Click to view larger image

    B We hid the mask, then chose a higher Contrast value to define the hairs more crisply against the skin, and lowered Highlights, Whites, and Blacks values for a darkening effect.


    Click to view larger image

    C To minimize the dark circles under the eyes, we clicked New, checked Mask, then applied a mask to those areas.


    D We hid the mask again, then reduced the Temperature value to cool the redness of the skin tones; increased the Exposure, Highlights, Shadows, Whites, and Blacks values to lighten the skin; and reduced the Clarity and Sharpness values to soften the skin texture.


    Click to view larger image

    E This final image shows the cumulative results of all the local corrections that we applied via the Adjustment Brush tool.

    If you want to duplicate a pin and its mask, hold down Ctrl-Alt/Cmd-Option and drag the pin (you don’t have to click it first). Or click a pin, right-click it and choose Duplicate from the context menu, then drag the new pin.

  7. To redisplay the main Camera Raw tabs, press H (Hand tool).

To edit an Adjustment Brush tool correction:

  1. Choose the Adjustment Brush tool adjust_brush_icon.jpg (K).
  2. Check Mask (Y) and Overlay (V).
  3. Click a pin. A black dot appears in the center of the pin.
  4. Do any of the following:

    To add areas to the mask, drag with the brush in the image preview.A–B


    A After using the Adjustment Brush tool in this photo, we clicked an existing pin, and checked Mask to display the mask associated with that pin (we changed our mask color to yellow).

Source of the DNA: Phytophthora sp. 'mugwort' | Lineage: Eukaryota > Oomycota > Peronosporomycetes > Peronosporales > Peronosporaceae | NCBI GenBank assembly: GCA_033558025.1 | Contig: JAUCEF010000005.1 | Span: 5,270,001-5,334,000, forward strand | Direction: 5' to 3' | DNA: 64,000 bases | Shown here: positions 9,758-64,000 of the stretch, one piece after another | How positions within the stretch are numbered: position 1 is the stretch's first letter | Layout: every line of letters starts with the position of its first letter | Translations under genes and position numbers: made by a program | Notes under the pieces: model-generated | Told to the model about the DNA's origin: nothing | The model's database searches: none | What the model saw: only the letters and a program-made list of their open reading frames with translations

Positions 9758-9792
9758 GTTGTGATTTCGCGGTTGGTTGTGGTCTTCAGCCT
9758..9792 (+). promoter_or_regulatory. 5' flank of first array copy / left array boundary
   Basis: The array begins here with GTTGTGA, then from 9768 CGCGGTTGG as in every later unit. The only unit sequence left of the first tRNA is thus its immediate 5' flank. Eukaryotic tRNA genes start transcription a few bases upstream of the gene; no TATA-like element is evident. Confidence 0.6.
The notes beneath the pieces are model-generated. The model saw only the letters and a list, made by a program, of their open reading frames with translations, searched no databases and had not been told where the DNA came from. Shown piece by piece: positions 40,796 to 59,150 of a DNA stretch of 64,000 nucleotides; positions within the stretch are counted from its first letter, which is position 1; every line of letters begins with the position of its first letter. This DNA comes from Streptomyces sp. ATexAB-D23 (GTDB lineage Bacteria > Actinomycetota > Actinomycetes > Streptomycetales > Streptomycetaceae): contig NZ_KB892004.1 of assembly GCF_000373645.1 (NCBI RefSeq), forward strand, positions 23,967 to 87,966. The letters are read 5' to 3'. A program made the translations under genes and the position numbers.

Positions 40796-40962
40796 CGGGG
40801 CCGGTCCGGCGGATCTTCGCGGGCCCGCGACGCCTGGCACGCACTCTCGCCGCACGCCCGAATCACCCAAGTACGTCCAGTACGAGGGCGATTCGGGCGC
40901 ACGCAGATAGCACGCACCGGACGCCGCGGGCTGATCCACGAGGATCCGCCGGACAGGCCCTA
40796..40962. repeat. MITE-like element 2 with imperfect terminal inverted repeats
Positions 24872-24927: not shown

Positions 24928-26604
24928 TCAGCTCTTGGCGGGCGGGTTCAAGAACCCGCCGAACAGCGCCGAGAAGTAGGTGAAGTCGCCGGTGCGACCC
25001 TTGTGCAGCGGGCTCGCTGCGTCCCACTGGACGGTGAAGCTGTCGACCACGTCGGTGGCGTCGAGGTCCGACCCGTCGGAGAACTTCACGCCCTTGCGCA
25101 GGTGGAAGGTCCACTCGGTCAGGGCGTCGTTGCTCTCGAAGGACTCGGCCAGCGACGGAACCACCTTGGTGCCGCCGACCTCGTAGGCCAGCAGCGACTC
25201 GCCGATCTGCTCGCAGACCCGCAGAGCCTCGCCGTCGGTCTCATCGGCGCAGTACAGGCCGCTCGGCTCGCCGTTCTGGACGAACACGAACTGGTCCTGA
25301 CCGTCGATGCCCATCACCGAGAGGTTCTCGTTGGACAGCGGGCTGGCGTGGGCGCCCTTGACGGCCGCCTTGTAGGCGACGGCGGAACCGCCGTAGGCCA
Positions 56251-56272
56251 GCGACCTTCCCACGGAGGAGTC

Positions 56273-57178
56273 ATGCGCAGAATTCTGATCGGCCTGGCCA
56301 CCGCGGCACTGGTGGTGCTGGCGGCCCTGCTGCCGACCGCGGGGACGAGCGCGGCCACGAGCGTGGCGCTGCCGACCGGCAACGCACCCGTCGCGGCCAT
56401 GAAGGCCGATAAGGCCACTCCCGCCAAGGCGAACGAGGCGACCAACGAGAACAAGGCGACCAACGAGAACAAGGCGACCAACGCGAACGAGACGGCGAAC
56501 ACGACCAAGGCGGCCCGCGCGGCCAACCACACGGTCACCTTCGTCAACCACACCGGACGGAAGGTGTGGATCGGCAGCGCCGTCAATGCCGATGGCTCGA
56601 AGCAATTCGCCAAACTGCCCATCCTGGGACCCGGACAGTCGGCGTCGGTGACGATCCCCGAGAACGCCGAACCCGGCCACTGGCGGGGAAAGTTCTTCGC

B We dragged with the Adjustment Brush tool to add an area to the mask for the currently selected pin (note the brush cursor on the right side of the photo).

    To move the mask to a different area of the photo, drag its pin.

    To adjust the correction for the current pin, uncheck Mask (Y), then move the sliders.

To remove Adjustment Brush tool edits:

  1. Choose the Adjustment Brush tool adjust_brush_icon.jpg (K).
  2. Check Mask (Y) and Overlay (V).
  3. Do either of the following:

    To remove adjustments locally, click a pin, click the Erase button (or hold down Alt/Option), then apply strokes where you want to erase the mask. A


    A We clicked an existing Adjustment Brush pin, and checked Mask to display the mask associated with that pin. Next, we clicked the Erase button, then dragged with the brush to remove an area from the selected mask.

    To remove a pin and its adjustments, click the pin, then press Backspace/Delete; or right-click a selected pin, then choose Delete from the context menu; B or hold down Alt/Option and click a selected or unselected pin (note the scissors pointer).


    Click to view larger image

    B To remove a selected Adjustment Brush pin, we right-clicked it and chose Delete from the context menu.

  • To remove all Adjustment Brush tool edits from the current photo and reset the tool mode to New, click the Clear All button.